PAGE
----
“What do you bring in a backpack for a whole year?” Says Sanders. “I still don’t know, and that’s the beauty of it. I remember reading past missionaries’ and World Racers’ blogs about what to bring and what to leave at home. I realized it didn’t matter. I relied on Matthew 10:9-10. Jesus is sending his disciples out and says this before they leave on a massive missions trip. He says, ‘don’t bring any gold or silver or copper to put in your belts–no bag for the journey or extra shirt or sandals or a staff, for the worker is worth his keep.’ God just wanted me there, on the front lines, sharing what He has done in my life.”
In addition to packing and funds, Sanders explains that before you go into missions, you need to have a strong foundation. This is just as vital for your experience and work.
“Crown College helped equip and prepare me for this missions trip,” says Sanders. “Attending Crown helped build my faith so that while I am here, I have a strong foundation to stand on. Your faith is the most valuable thing you can have and Crown has helped me realize that. It’s a big part of why I am doing missionary work.”
January 2018 arrived quickly, and it was time for Sanders to say goodbye to his friends and family for a year. The team flew out from Atlanta, Ga., and arrived in Cotè D’Ivoire, West Africa. They stayed in Abidjan. Venturing out into the city, Sanders noticed it was incredibly overpopulated. Shops crowded the streets. Cars and trucks packed the roads, ignoring traffic laws of any kind. Many of the people were poor and hungry.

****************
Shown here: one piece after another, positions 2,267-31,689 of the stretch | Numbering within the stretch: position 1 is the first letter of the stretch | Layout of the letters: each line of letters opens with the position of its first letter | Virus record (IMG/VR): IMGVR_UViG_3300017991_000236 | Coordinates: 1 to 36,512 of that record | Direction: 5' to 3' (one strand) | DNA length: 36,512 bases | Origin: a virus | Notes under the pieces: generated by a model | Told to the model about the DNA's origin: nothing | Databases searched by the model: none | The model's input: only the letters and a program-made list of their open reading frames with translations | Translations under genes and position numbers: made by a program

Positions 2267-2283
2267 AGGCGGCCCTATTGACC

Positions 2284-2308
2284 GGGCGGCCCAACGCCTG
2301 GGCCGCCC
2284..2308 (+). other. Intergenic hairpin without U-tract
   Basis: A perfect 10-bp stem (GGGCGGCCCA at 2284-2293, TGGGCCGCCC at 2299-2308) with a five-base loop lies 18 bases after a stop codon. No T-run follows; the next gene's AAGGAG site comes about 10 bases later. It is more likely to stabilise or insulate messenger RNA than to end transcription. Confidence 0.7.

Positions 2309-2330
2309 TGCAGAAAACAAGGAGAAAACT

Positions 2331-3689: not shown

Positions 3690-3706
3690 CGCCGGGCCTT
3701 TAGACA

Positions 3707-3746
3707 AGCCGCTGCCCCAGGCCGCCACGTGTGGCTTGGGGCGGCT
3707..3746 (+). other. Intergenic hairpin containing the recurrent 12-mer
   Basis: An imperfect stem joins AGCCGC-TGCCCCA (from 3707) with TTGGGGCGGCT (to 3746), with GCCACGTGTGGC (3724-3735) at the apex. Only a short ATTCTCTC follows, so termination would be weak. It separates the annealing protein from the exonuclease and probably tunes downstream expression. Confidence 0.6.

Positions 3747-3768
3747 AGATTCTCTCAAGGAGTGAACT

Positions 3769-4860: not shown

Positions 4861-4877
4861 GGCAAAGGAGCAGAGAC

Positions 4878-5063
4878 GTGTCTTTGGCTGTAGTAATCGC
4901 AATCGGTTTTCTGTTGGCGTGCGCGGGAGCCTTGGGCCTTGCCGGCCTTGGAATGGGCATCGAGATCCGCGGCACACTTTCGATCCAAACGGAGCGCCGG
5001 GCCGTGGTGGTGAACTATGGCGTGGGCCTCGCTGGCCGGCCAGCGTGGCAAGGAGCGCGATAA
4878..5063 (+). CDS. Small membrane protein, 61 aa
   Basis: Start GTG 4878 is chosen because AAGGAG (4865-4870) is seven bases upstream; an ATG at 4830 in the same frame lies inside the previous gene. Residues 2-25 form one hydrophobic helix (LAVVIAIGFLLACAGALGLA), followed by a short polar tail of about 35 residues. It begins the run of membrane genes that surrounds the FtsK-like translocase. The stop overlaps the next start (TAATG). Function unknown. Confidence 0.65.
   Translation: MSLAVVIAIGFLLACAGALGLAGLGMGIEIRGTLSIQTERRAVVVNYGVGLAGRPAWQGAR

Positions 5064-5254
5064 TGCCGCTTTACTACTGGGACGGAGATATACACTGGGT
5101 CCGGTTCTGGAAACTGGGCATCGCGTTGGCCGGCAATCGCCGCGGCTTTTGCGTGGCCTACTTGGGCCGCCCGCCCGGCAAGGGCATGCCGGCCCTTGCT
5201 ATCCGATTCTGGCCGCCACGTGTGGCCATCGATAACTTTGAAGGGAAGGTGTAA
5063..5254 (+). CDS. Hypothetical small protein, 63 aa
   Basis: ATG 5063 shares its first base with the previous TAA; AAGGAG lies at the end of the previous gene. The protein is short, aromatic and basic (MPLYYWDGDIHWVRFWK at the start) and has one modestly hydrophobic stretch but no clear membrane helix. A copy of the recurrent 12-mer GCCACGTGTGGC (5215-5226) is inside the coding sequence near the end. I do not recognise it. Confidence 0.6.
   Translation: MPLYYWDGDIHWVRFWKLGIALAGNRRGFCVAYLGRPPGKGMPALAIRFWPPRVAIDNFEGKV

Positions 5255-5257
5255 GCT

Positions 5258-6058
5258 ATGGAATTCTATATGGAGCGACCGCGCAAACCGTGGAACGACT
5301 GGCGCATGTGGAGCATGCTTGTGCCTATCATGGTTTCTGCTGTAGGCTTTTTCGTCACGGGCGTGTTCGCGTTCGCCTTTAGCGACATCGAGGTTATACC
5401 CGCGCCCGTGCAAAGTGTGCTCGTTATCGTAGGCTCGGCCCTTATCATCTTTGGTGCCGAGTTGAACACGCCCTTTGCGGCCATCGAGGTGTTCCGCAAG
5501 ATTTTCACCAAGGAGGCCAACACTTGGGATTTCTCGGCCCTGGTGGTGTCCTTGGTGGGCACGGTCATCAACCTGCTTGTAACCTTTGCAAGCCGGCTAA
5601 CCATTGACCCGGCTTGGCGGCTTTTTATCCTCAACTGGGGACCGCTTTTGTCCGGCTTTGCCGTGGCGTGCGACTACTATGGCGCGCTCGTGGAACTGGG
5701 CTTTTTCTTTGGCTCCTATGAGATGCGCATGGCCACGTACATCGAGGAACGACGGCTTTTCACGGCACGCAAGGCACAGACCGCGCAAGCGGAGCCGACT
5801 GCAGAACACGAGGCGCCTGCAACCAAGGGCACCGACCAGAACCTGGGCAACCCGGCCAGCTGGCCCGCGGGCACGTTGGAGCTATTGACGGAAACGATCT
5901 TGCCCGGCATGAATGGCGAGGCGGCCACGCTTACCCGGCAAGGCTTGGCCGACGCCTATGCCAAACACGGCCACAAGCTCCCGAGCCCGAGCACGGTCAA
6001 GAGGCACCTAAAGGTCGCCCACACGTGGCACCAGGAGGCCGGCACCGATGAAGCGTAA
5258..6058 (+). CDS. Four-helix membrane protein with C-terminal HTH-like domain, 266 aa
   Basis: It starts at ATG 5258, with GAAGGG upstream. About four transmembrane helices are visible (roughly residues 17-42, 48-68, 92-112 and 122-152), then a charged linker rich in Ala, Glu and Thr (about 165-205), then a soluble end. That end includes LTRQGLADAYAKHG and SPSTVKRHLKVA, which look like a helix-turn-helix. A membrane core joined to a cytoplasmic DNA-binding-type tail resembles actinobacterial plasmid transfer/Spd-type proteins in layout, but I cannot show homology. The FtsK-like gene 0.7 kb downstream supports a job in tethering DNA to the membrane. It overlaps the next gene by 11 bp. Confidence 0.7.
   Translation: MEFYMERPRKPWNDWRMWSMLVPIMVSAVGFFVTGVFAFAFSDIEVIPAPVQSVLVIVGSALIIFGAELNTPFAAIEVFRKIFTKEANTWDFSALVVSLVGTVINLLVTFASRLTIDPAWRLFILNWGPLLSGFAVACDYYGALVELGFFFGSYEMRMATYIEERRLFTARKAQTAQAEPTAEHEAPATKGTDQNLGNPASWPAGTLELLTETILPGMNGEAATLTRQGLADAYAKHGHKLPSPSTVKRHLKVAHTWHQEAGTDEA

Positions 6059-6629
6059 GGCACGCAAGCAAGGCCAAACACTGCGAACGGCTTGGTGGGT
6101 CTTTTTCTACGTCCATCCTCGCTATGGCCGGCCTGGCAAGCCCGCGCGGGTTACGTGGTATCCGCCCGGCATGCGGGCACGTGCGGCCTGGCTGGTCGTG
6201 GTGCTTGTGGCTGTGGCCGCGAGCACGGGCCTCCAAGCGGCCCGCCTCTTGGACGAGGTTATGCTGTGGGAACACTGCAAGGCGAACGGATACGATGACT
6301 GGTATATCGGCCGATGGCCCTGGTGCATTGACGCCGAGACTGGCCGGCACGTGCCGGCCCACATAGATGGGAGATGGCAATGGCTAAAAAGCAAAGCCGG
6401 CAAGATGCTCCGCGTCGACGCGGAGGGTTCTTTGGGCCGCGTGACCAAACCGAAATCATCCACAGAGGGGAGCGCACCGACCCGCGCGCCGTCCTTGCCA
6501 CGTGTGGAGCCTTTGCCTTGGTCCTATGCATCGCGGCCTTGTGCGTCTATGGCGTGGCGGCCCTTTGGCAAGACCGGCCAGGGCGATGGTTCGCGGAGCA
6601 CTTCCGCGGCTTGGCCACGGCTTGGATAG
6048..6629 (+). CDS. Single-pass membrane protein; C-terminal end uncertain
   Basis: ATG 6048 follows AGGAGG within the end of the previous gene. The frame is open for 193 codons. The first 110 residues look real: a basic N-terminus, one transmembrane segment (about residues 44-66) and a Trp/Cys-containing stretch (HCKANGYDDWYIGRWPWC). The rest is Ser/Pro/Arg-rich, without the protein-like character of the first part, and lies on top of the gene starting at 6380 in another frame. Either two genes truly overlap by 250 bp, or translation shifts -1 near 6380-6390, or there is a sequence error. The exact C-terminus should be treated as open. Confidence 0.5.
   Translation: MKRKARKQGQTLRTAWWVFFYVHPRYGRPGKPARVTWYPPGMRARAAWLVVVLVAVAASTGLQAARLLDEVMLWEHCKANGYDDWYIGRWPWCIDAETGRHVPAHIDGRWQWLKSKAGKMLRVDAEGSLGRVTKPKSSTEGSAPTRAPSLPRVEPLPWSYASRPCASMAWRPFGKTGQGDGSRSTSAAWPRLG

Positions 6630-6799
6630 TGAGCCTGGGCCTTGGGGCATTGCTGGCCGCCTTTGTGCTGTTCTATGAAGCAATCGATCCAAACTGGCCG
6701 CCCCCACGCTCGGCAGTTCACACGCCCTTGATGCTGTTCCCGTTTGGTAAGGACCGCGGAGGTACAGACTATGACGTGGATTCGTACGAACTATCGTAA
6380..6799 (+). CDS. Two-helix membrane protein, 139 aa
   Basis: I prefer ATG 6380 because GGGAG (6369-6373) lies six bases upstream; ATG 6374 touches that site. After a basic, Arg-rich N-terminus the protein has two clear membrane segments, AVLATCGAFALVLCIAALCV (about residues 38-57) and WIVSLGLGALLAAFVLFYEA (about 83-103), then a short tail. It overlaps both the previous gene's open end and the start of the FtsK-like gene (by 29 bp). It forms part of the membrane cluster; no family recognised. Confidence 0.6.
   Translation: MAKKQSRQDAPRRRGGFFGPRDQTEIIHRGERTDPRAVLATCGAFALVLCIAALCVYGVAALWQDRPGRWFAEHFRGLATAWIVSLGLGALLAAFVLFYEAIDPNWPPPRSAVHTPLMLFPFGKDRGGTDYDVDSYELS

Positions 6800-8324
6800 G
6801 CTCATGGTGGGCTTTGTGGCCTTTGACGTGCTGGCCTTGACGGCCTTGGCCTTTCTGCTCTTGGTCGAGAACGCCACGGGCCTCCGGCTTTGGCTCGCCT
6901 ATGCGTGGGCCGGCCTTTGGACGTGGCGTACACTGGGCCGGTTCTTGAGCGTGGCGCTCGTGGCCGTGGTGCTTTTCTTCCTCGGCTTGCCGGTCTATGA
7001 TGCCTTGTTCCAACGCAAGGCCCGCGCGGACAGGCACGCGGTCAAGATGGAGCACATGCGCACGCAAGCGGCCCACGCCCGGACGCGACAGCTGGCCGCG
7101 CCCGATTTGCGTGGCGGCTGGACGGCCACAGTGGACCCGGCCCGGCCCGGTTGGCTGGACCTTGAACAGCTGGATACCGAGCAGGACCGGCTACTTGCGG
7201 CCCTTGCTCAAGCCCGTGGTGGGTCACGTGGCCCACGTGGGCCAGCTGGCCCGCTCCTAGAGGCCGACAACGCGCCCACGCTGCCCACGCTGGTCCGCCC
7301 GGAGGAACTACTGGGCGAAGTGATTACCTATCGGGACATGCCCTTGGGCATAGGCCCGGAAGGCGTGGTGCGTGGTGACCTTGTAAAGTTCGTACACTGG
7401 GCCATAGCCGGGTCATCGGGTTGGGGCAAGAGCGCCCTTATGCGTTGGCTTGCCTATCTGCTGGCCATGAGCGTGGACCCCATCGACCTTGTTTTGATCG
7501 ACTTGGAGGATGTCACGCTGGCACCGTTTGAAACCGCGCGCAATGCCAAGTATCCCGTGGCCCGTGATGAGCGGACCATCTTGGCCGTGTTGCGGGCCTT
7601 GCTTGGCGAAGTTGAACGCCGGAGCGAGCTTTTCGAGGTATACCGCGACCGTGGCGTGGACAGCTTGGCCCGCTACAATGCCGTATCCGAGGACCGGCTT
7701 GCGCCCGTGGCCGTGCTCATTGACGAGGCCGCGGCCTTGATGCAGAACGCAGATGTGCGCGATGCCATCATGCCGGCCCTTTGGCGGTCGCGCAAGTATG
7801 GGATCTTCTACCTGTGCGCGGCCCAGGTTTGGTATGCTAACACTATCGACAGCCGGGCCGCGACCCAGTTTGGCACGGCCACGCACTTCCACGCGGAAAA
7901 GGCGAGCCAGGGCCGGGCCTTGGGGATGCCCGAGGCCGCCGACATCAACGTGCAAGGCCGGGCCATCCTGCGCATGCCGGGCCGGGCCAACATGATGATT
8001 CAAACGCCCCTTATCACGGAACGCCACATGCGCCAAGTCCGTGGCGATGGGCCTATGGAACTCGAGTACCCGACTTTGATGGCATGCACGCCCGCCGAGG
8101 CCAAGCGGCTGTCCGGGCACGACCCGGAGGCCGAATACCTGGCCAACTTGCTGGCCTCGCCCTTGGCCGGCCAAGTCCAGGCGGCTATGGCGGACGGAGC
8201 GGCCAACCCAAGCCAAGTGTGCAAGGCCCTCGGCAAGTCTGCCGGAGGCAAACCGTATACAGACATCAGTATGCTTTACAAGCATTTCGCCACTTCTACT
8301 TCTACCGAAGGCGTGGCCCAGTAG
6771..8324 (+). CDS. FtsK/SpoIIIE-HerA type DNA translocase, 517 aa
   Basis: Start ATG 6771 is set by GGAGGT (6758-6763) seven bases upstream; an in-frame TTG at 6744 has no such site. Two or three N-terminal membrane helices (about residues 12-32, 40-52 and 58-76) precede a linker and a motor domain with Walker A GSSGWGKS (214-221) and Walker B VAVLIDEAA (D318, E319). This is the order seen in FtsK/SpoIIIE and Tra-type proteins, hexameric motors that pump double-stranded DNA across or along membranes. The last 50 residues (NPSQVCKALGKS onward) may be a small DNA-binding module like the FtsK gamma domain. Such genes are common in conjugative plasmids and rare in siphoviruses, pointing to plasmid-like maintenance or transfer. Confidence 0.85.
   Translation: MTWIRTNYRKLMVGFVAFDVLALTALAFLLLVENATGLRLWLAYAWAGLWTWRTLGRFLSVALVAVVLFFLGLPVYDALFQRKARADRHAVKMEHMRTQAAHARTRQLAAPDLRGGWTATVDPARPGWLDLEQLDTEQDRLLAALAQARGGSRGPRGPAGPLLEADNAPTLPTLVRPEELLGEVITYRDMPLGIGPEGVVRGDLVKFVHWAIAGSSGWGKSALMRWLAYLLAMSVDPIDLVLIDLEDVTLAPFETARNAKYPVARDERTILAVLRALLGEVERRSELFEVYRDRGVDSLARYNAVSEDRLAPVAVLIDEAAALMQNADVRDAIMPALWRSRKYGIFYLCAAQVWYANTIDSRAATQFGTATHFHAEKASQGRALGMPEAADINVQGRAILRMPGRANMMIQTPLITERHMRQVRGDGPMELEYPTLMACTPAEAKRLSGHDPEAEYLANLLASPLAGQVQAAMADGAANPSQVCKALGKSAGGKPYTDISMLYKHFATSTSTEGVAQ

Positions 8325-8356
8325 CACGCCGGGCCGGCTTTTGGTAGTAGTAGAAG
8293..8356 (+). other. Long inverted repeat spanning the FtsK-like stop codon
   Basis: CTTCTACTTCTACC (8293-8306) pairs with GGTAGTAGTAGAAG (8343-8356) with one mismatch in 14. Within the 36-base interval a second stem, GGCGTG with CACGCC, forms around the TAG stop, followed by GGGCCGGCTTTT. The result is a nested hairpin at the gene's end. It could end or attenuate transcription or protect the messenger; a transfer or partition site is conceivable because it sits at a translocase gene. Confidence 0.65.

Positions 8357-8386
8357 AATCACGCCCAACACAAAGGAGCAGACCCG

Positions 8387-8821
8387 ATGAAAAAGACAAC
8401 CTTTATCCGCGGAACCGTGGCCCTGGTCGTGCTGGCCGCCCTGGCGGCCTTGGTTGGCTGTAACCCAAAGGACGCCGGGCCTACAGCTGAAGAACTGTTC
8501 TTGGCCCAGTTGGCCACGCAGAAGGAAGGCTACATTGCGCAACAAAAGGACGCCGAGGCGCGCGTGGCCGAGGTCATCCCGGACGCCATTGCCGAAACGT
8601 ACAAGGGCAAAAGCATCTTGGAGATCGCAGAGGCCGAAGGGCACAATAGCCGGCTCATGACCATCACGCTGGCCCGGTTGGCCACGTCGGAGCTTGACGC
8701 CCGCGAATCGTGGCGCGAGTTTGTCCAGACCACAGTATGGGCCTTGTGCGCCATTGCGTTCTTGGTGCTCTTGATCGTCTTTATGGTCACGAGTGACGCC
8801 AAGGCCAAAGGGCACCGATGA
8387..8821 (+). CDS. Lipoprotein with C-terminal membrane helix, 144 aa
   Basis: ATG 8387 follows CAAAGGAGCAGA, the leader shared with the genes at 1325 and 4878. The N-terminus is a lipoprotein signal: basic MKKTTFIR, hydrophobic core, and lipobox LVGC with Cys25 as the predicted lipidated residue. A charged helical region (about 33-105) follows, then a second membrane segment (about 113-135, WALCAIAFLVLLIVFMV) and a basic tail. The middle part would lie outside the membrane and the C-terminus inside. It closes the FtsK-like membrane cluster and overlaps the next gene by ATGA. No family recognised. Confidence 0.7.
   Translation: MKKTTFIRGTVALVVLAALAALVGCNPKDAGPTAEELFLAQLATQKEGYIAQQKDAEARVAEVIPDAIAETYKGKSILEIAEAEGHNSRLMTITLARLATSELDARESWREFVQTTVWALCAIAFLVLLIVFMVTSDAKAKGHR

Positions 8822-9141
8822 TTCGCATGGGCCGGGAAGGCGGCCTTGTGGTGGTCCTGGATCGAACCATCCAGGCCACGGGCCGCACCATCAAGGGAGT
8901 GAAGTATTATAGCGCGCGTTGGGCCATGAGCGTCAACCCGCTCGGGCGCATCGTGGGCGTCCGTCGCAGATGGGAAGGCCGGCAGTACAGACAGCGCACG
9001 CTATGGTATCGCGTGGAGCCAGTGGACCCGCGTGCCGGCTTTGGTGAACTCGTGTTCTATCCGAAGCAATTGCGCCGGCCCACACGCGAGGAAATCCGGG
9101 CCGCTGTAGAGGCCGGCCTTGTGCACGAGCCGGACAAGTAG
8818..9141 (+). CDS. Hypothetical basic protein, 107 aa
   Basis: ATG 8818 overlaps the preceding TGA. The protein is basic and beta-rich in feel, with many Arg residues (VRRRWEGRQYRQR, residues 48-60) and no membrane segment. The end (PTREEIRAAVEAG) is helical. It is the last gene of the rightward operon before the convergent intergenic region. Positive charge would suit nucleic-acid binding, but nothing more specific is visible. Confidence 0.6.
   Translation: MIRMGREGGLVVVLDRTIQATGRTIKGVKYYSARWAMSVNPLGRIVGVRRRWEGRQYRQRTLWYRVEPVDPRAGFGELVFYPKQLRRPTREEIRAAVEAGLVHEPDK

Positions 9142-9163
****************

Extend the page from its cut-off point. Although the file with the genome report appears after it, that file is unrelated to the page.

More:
The city is situated along the Ivory Coast, so the team visited the ports along the ocean. There they met truckers picking up shipments of cocoa beans, wheat, and soybeans.
“We would literally go under the trucks and have conversations with truckers about religion every day,” says Sanders. “They were mostly men of the majority belief. They were full of hospitality and kindness. Full of confusion as well–most of the men had never actually read their own religion’s book. They believed what is passed down to them from their parents. In their faith, your family can disown you if you leave it. We ran into this many times when sharing with people. We needed to remember that sometimes we plant the seed, sometimes we water, and sometimes we harvest. We shared the gospel with 286 people and 54 of them accepted Christ just in Abidjan during our month there.”
Sanders and his team continues to travel across Africa, visiting 11 different countries within 11 months and speaking with people of different religions and faiths. The journey has been far from easy. But one thing Sanders points out: while he’s changing others, he’s changing himself, too.
“The real change has been in my heart,” says Sanders. “I feel I have a greater capacity for compassion and understanding. So far, this experience has shaped my heart into something that God desires for it to look like. That is what I want, to see the world through God’s eyes, and every human just as that–a human. A person who is loved and cherished by God.”